In recent months, you may have heard about California regulations related to low-lead requirements that will be taking effect soon. Terms such as AB 1953, SB 1395 and SB 1334 are being tossed around in conversations and people are calling everyone they can think of to find out if their products are required to comply with the new laws or whether their products require third-party certification to verify low-lead compliance in accordance with the law.
The logistics of the new requirements are falling into place and people are starting to understand the regulations, but questions continue to linger. Hopefully, this article will help answer your questions and provide enough information that you are able to make an educated decision concerning your specific needs regarding the law.
In 2006, California passed a bill to revise Section 116875 of the Health and Safety Code, requiring products that convey or dispense water for human consumption to be lead-free as defined by the new bill. This law, AB 1953, will take effect Jan. 1, 2010, and requires companies to document that their products are lead free according to the new definition.
An additional bill that has passed, SB 1334, goes further in its requirement by mandating companies that produce all pipe, pipe or plumbing fittings or fixtures, solder or flux to be certified as lead-free by an independent third party accredited by the American National Standards Institute (ANSI).
Lastly, SB 1395 requires the California Department of Toxic Substances Control to develop a protocol for random selection and testing of not more than 75 faucets, fittings and fixtures for compliance to AB 1953. The results are also required to be published for public review.
Prior to AB 1953, lead free was defined as not more than 0.2% lead for solder and flux, 8% lead in pipes and fittings and not more than 4% by dry weight in plumbing fittings and fixtures. This law, commencing on Jan. 1, 2010, revises the term “lead free” for products conveying or dispensing water for human consumption to not more than 0.2% lead for solder and flux, as well as not more than a weighted average of 0.25% for the wetted surfaces of products that convey or dispense water for human consumption. Prior to SB 1334 and SB 1395, testing and third-party certification were not required to verify the compliance to the lead-free definition.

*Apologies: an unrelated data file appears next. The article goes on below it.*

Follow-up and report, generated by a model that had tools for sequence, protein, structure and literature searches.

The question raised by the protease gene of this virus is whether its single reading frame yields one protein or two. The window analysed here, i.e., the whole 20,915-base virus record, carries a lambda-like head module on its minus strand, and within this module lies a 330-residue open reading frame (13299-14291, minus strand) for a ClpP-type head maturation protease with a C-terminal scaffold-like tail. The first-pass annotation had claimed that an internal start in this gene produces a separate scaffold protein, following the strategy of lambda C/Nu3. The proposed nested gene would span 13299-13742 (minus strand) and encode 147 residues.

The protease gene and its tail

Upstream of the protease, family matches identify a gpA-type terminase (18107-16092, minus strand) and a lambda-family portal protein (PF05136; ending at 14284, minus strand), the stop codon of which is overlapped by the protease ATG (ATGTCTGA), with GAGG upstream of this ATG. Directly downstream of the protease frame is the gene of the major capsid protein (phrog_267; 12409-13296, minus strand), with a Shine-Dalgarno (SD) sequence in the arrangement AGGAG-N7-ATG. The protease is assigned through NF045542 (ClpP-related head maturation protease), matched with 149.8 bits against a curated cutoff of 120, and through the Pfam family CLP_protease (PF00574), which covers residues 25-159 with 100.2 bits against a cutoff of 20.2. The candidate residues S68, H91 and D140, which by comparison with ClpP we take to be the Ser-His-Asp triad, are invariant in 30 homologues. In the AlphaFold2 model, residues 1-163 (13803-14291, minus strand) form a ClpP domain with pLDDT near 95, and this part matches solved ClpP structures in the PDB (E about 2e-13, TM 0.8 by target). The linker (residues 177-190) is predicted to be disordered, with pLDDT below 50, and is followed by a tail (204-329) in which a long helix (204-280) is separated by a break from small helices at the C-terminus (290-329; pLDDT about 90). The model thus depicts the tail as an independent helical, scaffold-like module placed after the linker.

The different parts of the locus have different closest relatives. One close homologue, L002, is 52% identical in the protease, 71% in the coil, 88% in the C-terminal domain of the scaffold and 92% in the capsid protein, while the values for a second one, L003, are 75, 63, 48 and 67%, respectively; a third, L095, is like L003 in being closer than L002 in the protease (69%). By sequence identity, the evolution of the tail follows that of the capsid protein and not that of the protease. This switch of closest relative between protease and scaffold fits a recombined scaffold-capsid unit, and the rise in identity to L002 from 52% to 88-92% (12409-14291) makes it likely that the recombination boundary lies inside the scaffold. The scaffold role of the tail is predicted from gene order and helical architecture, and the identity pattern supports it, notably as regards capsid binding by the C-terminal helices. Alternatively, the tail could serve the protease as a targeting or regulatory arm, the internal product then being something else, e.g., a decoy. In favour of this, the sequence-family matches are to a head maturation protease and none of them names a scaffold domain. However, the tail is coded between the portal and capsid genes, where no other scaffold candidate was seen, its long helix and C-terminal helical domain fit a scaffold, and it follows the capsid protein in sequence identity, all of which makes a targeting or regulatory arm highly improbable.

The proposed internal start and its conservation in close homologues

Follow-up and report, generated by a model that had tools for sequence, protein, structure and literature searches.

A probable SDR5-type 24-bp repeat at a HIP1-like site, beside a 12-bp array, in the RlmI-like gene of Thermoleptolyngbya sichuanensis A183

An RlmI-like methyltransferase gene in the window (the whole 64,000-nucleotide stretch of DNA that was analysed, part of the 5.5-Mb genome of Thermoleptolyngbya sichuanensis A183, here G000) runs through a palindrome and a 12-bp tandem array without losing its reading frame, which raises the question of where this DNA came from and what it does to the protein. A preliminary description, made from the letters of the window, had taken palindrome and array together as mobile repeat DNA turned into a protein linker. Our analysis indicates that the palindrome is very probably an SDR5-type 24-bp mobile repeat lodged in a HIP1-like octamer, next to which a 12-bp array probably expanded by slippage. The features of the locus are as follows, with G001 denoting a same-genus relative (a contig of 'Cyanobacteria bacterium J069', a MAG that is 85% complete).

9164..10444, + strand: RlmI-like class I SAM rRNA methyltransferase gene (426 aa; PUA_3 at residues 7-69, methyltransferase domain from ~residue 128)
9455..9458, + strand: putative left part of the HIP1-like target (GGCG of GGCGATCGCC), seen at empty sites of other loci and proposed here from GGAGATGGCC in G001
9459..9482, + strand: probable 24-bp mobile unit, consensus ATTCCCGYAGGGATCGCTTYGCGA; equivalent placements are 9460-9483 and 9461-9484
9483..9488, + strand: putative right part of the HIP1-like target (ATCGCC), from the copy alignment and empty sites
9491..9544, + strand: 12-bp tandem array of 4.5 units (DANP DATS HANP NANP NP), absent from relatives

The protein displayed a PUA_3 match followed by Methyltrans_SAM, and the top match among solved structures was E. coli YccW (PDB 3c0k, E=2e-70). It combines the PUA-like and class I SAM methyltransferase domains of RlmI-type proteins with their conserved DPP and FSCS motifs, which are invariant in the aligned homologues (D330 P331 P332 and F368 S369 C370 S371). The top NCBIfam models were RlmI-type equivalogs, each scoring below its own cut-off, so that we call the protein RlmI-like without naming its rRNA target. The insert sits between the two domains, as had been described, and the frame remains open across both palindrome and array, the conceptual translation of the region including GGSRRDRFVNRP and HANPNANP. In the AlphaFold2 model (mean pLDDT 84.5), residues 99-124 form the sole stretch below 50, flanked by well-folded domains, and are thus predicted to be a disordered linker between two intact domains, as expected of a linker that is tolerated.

At this point, it is clear which products are absolutely exempt from the law: service saddles; backflow preventers for nonpotable services such as irrigation and industrial; and water distribution main gate valves that are 2 in. in diameter and above. It is not quite as clear, however, which other products, if any, can be excluded because they are not intended for use to convey or dispense water for human consumption. The end-user, however, may apply the product for drinking or cooking water regardless of the intended use.
If you can unequivocally show that the product cannot be used for drinking water purposes, then it is assumed that you would not need to comply. But if the product falls within the gray area where it could be used for drinking water applications, your best option would be to consult a lawyer regarding the proper way to move forward with compliance for your type of product.
Once you have determined that your product is required to be compliant with the new law, the next step is to determine whether your product requires a third-party certification or not. SB 1334 requires all pipe, pipe or plumbing fittings or fixtures, solder or flux to be certified as compliant to the new lead-free definition in AB 1953.
It is suggested that your lawyers review the wording of the law to determine if they interpret the scope of mandatory certification to only include those products listed to be compliant or if all products meant to convey or dispense water as described in AB 1953 are required to be compliant.
This point, unfortunately, has not been fully clarified and it will be left up to individual companies to make a decision regarding certification versus compliance. If it is determined that you do not need to undergo full third-party certification, then compliance can be as simple as gathering the necessary information such as test data or calculations to verify lead content.
If it is determined that a product is required to obtain third-party certification for compliance, then you will want to research the ANSI-accredited certification bodies to find the one that will best address your timeline, budget and customer service needs.
There currently is a big divide between certifiers regarding testing that is required in addition to the compliance to AB 1953. Some certifiers have chosen to conduct the items required by the law to show compliance. This includes conducting calculations to show the percent of lead that meets the lead-free definition and the testing that is prescribed by the Department of Toxic Substances Control. Other testing can be conducted, as well, but it is mandatory to be conducted to meet the requirements of this law.
On the other hand, some certifiers are requiring additional testing such as NSF/ANSI Standard 61 or other materials safety testing to be mandatory in addition to the AB 1953 compliance, which may not be required for your product for sale in California. When screening certification bodies, you should review the laws that affect your product(s) and ensure that you will not be asked to pay for testing that is not required by law.